Bariatric surgery before pregnancy may increase risk for gestational diabetes

A recent study published in the August issue of The Journal of the American College of Surgeons reveals that obese women who undergo bariatric surgery before pregnancy have three times the risk of developing gestational diabetes.

This disease affects an estimated seven percent of all pregnancies in the U.S. and its prevalence is increasing in individuals who carry excess weight. Approximately 33 percent of women over the age of 19 are currently obese.

"The major finding of our study is that women who had bariatric surgery before they delivered reduced odds of gestational diabetes when compared with women who had [the procedure] after they [gave birth]," said lead author Anne E. Burke from the Johns Hopkins University School of Medicine.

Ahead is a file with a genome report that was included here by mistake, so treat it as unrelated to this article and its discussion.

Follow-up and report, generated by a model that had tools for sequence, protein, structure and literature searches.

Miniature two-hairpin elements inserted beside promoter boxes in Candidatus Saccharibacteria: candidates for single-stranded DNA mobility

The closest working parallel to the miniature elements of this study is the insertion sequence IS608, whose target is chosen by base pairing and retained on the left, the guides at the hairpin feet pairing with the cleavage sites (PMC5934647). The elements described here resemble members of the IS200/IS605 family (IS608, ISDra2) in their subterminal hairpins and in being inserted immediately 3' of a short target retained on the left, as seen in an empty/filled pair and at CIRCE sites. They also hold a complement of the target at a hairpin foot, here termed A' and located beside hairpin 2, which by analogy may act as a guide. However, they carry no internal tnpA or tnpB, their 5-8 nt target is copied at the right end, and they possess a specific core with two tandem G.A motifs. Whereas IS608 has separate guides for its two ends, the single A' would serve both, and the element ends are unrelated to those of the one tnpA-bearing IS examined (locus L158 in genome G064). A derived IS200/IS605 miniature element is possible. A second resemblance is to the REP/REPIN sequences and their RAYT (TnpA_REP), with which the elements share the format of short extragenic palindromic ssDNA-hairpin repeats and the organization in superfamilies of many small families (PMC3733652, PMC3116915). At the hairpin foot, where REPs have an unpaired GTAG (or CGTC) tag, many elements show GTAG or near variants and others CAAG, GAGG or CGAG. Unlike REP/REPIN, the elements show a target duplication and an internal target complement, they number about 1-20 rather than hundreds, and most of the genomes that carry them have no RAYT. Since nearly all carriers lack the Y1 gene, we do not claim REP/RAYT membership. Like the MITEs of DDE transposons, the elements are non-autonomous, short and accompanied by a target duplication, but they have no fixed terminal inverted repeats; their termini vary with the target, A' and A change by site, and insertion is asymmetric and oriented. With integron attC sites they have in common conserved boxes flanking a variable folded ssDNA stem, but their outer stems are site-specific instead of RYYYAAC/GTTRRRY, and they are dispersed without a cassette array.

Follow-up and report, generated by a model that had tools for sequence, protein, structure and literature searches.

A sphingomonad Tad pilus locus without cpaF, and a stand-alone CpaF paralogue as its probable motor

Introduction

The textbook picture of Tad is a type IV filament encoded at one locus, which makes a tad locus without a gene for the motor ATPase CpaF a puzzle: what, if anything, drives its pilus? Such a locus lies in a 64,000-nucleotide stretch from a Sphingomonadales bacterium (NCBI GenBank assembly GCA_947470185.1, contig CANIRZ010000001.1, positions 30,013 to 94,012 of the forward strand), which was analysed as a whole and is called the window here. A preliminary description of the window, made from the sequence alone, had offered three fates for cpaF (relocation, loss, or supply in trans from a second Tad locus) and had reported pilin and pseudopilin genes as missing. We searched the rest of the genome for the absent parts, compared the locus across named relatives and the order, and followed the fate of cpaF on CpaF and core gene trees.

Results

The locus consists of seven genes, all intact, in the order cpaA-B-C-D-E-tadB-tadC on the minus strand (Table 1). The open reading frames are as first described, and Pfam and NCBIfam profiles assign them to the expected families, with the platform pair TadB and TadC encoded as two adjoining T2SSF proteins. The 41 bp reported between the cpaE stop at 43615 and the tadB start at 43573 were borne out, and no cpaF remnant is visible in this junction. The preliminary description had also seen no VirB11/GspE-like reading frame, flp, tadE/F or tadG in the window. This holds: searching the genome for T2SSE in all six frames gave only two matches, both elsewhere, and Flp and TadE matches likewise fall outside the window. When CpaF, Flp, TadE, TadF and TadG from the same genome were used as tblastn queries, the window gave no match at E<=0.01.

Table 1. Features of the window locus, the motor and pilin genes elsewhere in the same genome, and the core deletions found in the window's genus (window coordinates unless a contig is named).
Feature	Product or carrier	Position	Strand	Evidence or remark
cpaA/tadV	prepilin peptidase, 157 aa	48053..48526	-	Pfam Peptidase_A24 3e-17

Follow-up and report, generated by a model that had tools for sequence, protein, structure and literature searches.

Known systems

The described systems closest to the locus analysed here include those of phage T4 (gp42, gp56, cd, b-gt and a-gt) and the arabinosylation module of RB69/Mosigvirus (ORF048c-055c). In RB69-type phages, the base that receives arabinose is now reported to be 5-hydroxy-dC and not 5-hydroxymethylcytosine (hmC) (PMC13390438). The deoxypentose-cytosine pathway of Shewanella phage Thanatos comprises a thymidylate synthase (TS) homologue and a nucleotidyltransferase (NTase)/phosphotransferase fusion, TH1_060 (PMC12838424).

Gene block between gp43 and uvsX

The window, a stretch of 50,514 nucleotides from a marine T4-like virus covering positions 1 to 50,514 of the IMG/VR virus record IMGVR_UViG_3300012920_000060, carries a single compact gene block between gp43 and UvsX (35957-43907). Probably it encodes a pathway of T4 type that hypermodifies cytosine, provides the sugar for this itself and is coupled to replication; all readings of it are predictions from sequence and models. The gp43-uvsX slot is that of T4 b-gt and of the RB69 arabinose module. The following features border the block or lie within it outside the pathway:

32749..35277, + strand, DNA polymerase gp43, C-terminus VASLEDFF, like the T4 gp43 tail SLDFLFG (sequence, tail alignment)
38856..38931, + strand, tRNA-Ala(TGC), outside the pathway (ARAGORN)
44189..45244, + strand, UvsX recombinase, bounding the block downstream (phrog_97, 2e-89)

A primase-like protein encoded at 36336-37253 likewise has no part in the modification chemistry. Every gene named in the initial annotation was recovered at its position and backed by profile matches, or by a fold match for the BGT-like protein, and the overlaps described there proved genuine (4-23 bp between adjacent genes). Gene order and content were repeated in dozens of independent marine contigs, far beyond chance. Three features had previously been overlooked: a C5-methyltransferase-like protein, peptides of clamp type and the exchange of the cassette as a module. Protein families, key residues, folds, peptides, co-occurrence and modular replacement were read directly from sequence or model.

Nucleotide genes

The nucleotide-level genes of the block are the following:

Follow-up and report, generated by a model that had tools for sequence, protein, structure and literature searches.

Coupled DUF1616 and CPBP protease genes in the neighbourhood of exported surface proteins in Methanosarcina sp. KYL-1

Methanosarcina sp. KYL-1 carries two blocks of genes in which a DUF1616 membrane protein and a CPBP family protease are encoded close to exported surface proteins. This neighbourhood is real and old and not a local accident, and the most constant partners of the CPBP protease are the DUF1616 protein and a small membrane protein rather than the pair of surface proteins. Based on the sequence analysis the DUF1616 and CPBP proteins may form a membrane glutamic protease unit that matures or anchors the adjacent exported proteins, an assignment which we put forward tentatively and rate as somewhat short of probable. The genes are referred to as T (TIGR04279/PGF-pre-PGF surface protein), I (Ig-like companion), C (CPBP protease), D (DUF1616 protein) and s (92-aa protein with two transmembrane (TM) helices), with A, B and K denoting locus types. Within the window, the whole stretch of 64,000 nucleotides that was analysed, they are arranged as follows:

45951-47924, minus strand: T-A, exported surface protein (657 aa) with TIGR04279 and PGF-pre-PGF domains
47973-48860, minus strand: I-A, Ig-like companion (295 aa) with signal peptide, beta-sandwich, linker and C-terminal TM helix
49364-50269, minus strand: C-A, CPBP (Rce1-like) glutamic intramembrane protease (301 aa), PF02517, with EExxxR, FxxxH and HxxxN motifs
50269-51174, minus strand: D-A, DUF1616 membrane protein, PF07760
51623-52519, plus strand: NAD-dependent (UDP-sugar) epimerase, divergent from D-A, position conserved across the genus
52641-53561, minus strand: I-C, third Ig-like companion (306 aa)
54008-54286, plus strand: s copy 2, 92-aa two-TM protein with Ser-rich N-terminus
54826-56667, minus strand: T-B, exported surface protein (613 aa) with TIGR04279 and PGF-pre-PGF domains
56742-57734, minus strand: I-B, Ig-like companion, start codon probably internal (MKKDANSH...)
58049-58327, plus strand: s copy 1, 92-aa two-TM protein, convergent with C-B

The researchers compared the rate of gestational diabetes in two groups of women. Only 8 percent of the individuals who underwent the procedure following childbirth had the condition, compared to 27 percent of patients who had the operation before pregnancy.



They said that although a growing body of research supports the safety and efficacy of bariatric surgery to reverse obesity, women should consult with their doctors to determine whether the procedure is right for them.